| ISLAMABAD April 15
ISLAMABAD April 15 A dismal response in this
week's auction for next-generation cellphone spectrum licences
means cash-strapped Pakistan will struggle to fund its budget
this year, finance and IT ministry officials and telecom
industry executives told Reuters.
Pakistan is set to hold long-awaited auctions for 3G and 4G
network licences on April 23, a step the government projects
will raise $2 billion to boost the country's foreign reserves.
But officials say there has been scant interest in Monday's
bidding process and estimate Pakistan will raise no more than
"The finance minister (Ishaq Dar) is very angry, so much so
that he wants to call off the auction if we are so
embarrassingly off target," said an official on his team, who
declined to be identified as he is not authorised to speak
officially on the matter.
"This has happened because of an over enthusiastic IT
ministry which oversold an undercooked plan to its fiscal
managers. It looks like heads may roll on this one."
Pakistan is the only major country in the region that still
does not offer 3G services. Its neighbour, war-ravaged
Afghanistan, switched to 3G services in 2012.
There are about 132 million mobile phones in use in
Pakistan, a country of 180 million people, according to the
Pakistan Telecommunication Authority.
Pakistan's telecommunications market was deregulated in 2004
and foreign firms such as Etisalat have invested
heavily in recent years.
The finance ministry said in February that Pakistan would
sell both the 3G and the more advanced 4G LTE spectrum. Selling
just 3G licences could raise $2 billion, and bundling them with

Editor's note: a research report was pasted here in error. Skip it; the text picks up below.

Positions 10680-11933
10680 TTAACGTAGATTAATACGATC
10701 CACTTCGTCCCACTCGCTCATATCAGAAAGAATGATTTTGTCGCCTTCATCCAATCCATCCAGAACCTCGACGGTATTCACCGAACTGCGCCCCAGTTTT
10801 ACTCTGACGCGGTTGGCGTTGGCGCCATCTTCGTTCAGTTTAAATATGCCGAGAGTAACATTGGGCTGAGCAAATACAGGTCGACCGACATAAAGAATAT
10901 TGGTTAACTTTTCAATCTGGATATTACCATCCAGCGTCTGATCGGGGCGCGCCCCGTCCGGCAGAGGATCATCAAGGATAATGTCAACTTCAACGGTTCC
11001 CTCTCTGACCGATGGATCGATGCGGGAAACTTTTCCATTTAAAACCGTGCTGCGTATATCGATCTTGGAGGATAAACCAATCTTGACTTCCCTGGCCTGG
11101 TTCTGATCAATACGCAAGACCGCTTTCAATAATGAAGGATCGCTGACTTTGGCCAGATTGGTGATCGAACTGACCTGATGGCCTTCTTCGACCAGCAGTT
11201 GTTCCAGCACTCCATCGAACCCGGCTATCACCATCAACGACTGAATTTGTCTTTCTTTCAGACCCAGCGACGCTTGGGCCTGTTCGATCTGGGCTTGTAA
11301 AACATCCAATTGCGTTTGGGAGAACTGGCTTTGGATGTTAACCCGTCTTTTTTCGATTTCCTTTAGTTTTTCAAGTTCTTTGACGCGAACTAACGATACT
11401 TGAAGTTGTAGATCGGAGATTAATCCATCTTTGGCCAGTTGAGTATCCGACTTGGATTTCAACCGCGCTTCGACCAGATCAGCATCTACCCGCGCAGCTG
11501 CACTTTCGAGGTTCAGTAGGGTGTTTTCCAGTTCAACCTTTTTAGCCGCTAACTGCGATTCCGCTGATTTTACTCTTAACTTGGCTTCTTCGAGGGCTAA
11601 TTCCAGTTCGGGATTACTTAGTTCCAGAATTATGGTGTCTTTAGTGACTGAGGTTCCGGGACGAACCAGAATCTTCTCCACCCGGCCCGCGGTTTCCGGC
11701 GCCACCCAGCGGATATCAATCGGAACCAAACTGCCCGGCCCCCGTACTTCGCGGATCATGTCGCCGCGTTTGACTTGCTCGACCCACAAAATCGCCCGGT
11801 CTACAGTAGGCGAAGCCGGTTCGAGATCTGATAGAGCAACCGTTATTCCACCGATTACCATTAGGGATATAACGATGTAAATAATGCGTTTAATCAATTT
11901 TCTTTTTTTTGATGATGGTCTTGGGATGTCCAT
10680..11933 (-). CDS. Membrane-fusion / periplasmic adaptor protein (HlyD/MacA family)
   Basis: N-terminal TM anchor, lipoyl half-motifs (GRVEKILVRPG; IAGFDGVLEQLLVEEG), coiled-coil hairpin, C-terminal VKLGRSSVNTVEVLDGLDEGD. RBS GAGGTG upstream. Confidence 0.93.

4G spectrum could generate between $4 billion and $5 billion,
finance minister Ishaq Dar had estimated.
The 3G spectrum auction was expected to raise Pakistan's
gross domestic product by $8 billion and indirectly create up to
900,000 new jobs, a government-commissioned study by Plum
But when bidding closed at 4 pm on Monday, only four out of
five cellular mobile companies operating in Pakistan had
submitted bids and no new companies showed interest, sources
privy to the bidding told Reuters.
Telecom companies Mobilink and Zong bid for 10 MHz. Telenor
and Ufone both bid for 5 MHz.
Warid Telecom Pakistan, owned by the privately-held
conglomerate Abu Dhabi Group, did not submit a bid, said a
source in the company. Neither did Turkcell and Saudi Telecom
Company, two foreign companies who had earlier shown interest.
"There are four available 3G blocks in 1800 MHz: two 10 MHz
and two 5 MHz. The base price for 10 MHz block is $291 Million
and 5 MHz is $146 million," said a finance ministry official
present at Monday's bidding.
"The auction is thus expected to go for $863 million,
nowhere close to $2 billion."
Bids for 4G LTE licences were to start at $210 million. No
operator has shown any interest.
"It looks like 4G won't fetch any money," the finance
ministry source said. "The disappointing bids are deepening the
budget hole by almost $1.7 billion and are such a big hit the
finance minister is ready to postpone the whole auction
Spokesmen in the finance ministry, the IT ministry and
telecom companies taking part in the bid said they were not
authorised to officially comment on the issue.
The disappointing response will pile further pressure on
embattled Information Technology Minister Anusha Rahman, who is
overseeing the auction.
She drew criticism last month after appointing her husband
to the Board of Directors at Ufone, one of the companies bidding
for licences and partly owned by the government. He later
(Editing by Katharine Houreld and Jacqueline Wong)